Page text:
Thus, the time behavior of the parameters of the Weibull distribution allows us to conclude that, over the past two hundred years, sentence length distribution has become less fuzzy, the width of the peak decreases, and its abscissa is slightly shifted to the left. This is demonstrated in Figure 9. As a result, over time, speeches become composed of similar in length and shorter sentences, the difference in length decreases. In terms of sentence lengths, the text becomes more ordered. This can be seen in Figure 10, where information entropy (Shannon entropy) is presented as a function of time. The calculation of this value was based on sentence length distribution histograms containing the probabilities of detecting sentence length in a speech at a certain length interval.

5. Conclusions

Based on the calculation of sentence lengths in the text transcripts of the inaugural speeches of the US presidents for 228 years and the annual speeches of the UK party leaders for 123 years, two main results were obtained:
1. The average sentence length for both US and UK speeches decreases linearly with time with the slope of 0.13 ± 0.03 words/year and, on average, from 1900 to 2000, sentence length decreased with time from 30 to 16 words.
2. Sentence length distribution for both US and UK speeches is better described by the Weibull distribution (in particular, in comparison with the log-normal). The scale parameter of this distribution reliably decreases over time from 35 to 15. The shape parameter for US speeches does not change over time and is equal to 1.9 ± 0.1, and the shape parameter for UК speeches slightly changes over time from 1.5 to 1.8.
These two results are in agreement with the principle of least effort: the speaker, attempting to minimize both their efforts and the listeners’ effort, tends to choose the shortest possible sentence length from a potential set of sentences of approximately the same content. As a result, on the one hand, sentence length distribution begins to correspond to the distribution of minimum values—the Weibull distribution, and on the other hand, at time intervals significantly longer than the speech preparation time, the average sentence length decreases. The detected change over time in the scale parameter of the Weibull distribution and in information entropy indicates that sentence length in public speeches is gradually becoming less diverse; it is being unified and standardized.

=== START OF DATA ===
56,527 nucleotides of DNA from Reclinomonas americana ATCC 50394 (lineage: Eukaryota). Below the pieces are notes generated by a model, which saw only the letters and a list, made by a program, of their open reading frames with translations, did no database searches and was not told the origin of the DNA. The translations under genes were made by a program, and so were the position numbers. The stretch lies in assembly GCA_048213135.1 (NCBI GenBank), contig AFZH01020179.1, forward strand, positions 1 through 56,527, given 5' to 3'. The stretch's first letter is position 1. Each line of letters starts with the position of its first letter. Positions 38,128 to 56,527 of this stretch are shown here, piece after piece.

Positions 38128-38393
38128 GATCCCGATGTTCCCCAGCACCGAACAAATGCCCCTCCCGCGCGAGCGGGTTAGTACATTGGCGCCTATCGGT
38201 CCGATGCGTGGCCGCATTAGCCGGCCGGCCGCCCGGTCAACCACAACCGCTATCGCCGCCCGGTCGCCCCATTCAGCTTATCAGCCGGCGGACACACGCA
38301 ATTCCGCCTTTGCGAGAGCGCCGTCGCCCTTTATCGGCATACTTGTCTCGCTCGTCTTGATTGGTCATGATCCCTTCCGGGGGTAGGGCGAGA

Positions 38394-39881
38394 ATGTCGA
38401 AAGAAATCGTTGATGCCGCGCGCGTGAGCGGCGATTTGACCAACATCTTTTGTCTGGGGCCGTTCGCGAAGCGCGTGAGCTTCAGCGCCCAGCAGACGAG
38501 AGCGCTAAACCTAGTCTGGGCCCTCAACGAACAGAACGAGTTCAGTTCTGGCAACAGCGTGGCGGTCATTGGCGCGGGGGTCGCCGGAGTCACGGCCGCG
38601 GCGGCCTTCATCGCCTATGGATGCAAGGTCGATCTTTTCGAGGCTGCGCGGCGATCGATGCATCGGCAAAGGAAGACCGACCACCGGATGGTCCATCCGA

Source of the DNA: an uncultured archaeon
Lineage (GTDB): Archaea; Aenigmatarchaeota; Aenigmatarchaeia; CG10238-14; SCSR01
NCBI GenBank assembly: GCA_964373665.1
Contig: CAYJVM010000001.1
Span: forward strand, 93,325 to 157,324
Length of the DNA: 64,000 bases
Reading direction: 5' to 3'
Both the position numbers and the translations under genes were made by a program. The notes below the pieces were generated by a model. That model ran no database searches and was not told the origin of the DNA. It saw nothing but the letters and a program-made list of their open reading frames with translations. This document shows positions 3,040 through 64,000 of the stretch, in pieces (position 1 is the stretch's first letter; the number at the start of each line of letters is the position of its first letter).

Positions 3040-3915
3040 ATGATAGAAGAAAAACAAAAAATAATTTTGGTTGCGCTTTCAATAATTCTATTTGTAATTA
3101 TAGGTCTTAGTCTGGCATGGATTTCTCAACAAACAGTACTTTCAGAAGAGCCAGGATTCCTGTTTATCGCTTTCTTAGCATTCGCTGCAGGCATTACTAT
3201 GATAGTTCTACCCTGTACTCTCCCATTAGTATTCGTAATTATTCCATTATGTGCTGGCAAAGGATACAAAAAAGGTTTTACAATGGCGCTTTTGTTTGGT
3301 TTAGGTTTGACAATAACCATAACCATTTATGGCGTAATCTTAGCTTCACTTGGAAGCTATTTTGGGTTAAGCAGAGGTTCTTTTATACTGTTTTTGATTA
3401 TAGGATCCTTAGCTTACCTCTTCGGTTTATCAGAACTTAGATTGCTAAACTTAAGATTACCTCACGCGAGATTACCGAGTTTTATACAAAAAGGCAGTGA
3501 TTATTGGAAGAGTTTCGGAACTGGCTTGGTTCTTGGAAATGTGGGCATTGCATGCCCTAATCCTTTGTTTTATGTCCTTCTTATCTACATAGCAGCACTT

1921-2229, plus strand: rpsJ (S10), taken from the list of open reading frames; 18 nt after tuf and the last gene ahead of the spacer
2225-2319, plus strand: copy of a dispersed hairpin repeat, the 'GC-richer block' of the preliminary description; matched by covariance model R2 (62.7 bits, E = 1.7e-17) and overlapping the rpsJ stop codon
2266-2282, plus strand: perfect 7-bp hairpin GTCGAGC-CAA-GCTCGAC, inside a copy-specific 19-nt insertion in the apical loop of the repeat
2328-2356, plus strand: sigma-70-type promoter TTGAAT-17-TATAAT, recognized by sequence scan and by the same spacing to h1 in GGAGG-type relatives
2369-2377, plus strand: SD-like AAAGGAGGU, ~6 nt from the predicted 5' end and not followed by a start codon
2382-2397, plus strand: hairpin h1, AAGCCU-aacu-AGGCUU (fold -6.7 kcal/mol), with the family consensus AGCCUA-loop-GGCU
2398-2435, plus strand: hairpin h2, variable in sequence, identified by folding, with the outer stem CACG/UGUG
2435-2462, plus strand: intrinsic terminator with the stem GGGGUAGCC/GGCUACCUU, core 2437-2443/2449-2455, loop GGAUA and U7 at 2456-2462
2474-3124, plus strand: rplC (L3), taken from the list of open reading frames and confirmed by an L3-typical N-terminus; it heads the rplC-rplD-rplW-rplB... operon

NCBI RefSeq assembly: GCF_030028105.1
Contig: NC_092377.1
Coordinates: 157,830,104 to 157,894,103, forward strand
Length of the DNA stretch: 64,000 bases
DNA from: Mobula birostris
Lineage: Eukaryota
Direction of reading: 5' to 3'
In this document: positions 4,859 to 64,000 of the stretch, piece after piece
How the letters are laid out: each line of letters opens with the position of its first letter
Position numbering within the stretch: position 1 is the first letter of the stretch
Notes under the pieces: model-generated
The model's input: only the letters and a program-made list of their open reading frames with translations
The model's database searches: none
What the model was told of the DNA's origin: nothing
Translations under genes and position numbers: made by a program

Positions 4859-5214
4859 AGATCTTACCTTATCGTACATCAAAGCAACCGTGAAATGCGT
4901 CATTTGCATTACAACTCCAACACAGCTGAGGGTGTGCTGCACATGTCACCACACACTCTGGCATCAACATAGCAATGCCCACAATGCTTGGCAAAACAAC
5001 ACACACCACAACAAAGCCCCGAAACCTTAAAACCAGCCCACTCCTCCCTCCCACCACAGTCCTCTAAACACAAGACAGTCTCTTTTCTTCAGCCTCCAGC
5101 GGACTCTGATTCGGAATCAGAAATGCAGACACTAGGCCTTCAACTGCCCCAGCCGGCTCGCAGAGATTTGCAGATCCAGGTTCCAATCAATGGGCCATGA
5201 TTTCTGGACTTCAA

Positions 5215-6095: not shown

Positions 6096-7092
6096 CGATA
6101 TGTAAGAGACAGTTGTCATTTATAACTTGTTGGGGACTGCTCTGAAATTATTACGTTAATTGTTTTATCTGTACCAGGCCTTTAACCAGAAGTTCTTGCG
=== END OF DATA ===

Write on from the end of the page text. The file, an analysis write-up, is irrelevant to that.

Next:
Here we highlight the following idea. When establishing the distribution type for empirical data, most important are not statistical tests, but rather the theoretical justification. If we accept the principle of least effort, then the Weibull distribution clearly follows from it. If one assumes that the principle of least effort is not suitable here, then obviously, they must propose some other theoretical justification—their principle—and theoretically derive, for example, gamma or lognormal distributions from it. Currently, we do not see such attempts. The G. Zipf’s principle, in our opinion, is very profound and productive, and many interesting consequences can be obtained from it. It has great potential, which has not yet been fully embraced by modern linguists. Our work and a number of works (see, e.g., [27,28,39,40,41,42,43]) show how useful it can be.
An interesting continuation of this work can be the verification of the obtained results using breath groups [6]. Detecting correlations and differences in such a collaborative analysis of breath groups (largely related to human physiology) and sentence lengths (largely related to cognitive processes) is a very interesting task. One of the problems in this direction will be a significantly smaller statistical database for breath groups in comparison with an almost limitless database for sentence lengths. Another interesting development of this work, in the scope of currently well-established directions connected to language complex networks (see, e.g., [39,40,41,42,43]), could be an analysis of the data obtained, here, from the position of the principle of compression, which appeared as a development of the ideas of G. Zipf [43]. It seems to us that the results of this work, combined with the principle of compression and with the use of Kolmogorov complexity ideas (existing inalgorithmic information theory) could be very promising. Found patterns for English also require validation for other languages, including artificial, as well as using other methods and linguistic units (letters, initial characters, words, etc.). In this regard, works [44,45,46] may be useful.